It can be hard to get excited about budget audio products, with even the best sound bars and home-theater-in-a-box systems just sounding "good enough." That's what makes the Pioneer SP-PK21BS 5.1 speaker system so impressive. Not only does it sound much better than everything else in its price range, it sounds legitimately great without qualification. Its spectacular sound quality comes with trade-offs, though; the Pioneer SP-PK21BS is absolutely huge compared to any of the competing systems. The oversized speakers also lack the furniture-level finish of some other speakers, so they stick out a little more as being "audio equipment" in the living room.
If you've got the space and don't mind bulk, we can unreservedly recommend the Pioneer SP-PK21BS as the best-sounding speaker system we've heard in the budget price range. It's a phenomenal value. However, the size is a serious drawback for most buyers, which is why the smaller and more stylish Energy Take Classic 5.1 remains our Editors' Choice.
Design and features
The SP-PK21BS system was designed by Andrew Jones, a name known to audiophiles for his work for high-end speaker companies like KEF, Infinity, and Pioneer's ultra-high-end TAD Reference speakers. Jones' designs have consistently earned rave reviews in the audiophile press.
The SP-PK21BS is a six-piece system and comes with four SP-BS21-LR bookshelf speakers, a SP-C21 center-channel speaker and the SW-8 subwoofer. The satellite speakers' curved-sided, all-wood cabinets are finished in faux black-wood grain, and the speakers' sturdy metal connectors accept banana plugs, spades or stripped bare wire.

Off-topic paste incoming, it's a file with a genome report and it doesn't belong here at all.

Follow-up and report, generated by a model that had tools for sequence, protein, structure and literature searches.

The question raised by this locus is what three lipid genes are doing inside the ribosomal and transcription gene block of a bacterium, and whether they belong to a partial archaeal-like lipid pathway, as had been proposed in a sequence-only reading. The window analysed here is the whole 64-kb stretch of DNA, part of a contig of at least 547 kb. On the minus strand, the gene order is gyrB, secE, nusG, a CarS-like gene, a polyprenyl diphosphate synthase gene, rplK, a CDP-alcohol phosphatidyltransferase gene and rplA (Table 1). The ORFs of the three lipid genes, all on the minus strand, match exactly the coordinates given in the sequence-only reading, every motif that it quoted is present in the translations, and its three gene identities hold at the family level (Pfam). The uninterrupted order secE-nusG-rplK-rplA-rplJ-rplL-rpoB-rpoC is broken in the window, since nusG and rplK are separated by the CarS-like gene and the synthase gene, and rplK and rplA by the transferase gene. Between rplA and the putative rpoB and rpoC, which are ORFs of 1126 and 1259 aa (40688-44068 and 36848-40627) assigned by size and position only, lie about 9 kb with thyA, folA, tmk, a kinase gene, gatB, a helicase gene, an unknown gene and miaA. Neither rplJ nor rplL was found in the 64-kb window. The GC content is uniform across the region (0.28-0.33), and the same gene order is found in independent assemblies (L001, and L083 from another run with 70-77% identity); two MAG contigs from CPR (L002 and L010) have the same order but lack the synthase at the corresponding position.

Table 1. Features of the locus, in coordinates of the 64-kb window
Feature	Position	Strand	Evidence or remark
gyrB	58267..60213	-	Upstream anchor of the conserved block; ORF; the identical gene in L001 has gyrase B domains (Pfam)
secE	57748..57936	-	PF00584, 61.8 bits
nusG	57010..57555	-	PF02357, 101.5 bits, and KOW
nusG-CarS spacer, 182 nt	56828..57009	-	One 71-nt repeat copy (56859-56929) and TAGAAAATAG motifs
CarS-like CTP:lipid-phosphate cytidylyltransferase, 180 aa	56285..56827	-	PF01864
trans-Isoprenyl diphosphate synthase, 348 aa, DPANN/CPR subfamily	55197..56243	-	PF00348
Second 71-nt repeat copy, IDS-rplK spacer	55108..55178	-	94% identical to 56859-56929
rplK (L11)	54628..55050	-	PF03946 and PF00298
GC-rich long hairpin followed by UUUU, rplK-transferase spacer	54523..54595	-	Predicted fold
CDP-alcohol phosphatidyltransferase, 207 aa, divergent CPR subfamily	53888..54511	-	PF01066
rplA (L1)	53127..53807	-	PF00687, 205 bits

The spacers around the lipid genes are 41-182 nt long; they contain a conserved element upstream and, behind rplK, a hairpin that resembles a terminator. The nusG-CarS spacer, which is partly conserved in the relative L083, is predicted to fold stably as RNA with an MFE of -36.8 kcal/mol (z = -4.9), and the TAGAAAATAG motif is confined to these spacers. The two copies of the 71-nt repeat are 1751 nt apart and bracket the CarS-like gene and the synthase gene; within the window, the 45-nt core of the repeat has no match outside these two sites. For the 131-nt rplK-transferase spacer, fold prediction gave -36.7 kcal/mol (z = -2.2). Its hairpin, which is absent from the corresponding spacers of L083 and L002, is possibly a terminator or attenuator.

The SP-BS21-LR bookshelf speakers are 12.6 inches high, 7.2 wide and 8.1 deep; and the SP-C21 center speaker is even bigger, it's 7.9 inches high, 19.9 wide, and 8.7 deep. For comparison's sake, the satellite speakers are essentially twice as big as one speaker in the Energy Take Classic system. If you're looking for a "lifestyle"-oriented speaker system, the SP-PK21BS won't be of interest.
The SP-BS21-LR speaker has a 4-inch woofer and a 1-inch soft-dome tweeter; the SP-C21 center speaker boasts two 5.25-inch woofers flanking a 1-inch soft-dome tweeter. If you have a 7.1 channel system, extra SP-BS21-LR speakers are available for $100 per pair.
The drivers are protected by perforated metal grilles (they can be removed, but it's not easy). Wall-mounting is possible, but no hardware is provided; for our listening tests we placed the speakers on floor stands. Given the heft of these speakers (each bookshelf speaker comes in over 8 pounds), wall-mounting will require some serious finesse.
The SP-C21 center speaker's most likely destination will be shelf placement, under a TV display. Thanks to the speaker's curved bottom panel, it doesn't lie flat on a shelf, but that didn't affect its performance.
The SW-8 subwoofer is average in size for a budget system, at 14.3 inches high and 12.4 wide and deep. It has a beefy looking, down-firing 8-inch woofer, and a port on its front baffle. The SW-8 matches the speakers' black faux wood finishes, but it doesn't have the curved sides. It's more or less just an unadorned cube, and features a built-in 100-watt power amplifier with stereo RCA line-level and speaker-level inputs.
We used a Denon AVR-1912 receiver and Oppo BDP-93 Blu-ray player for all of our listening tests. Thanks to the speakers' large size and near full-range sound we set the AVR-1912's subwoofer-to-speaker crossover point at a lower frequency (90 Hz) than we would with most very small satellite/subwoofer systems, where we typically use 150 to 200 Hz.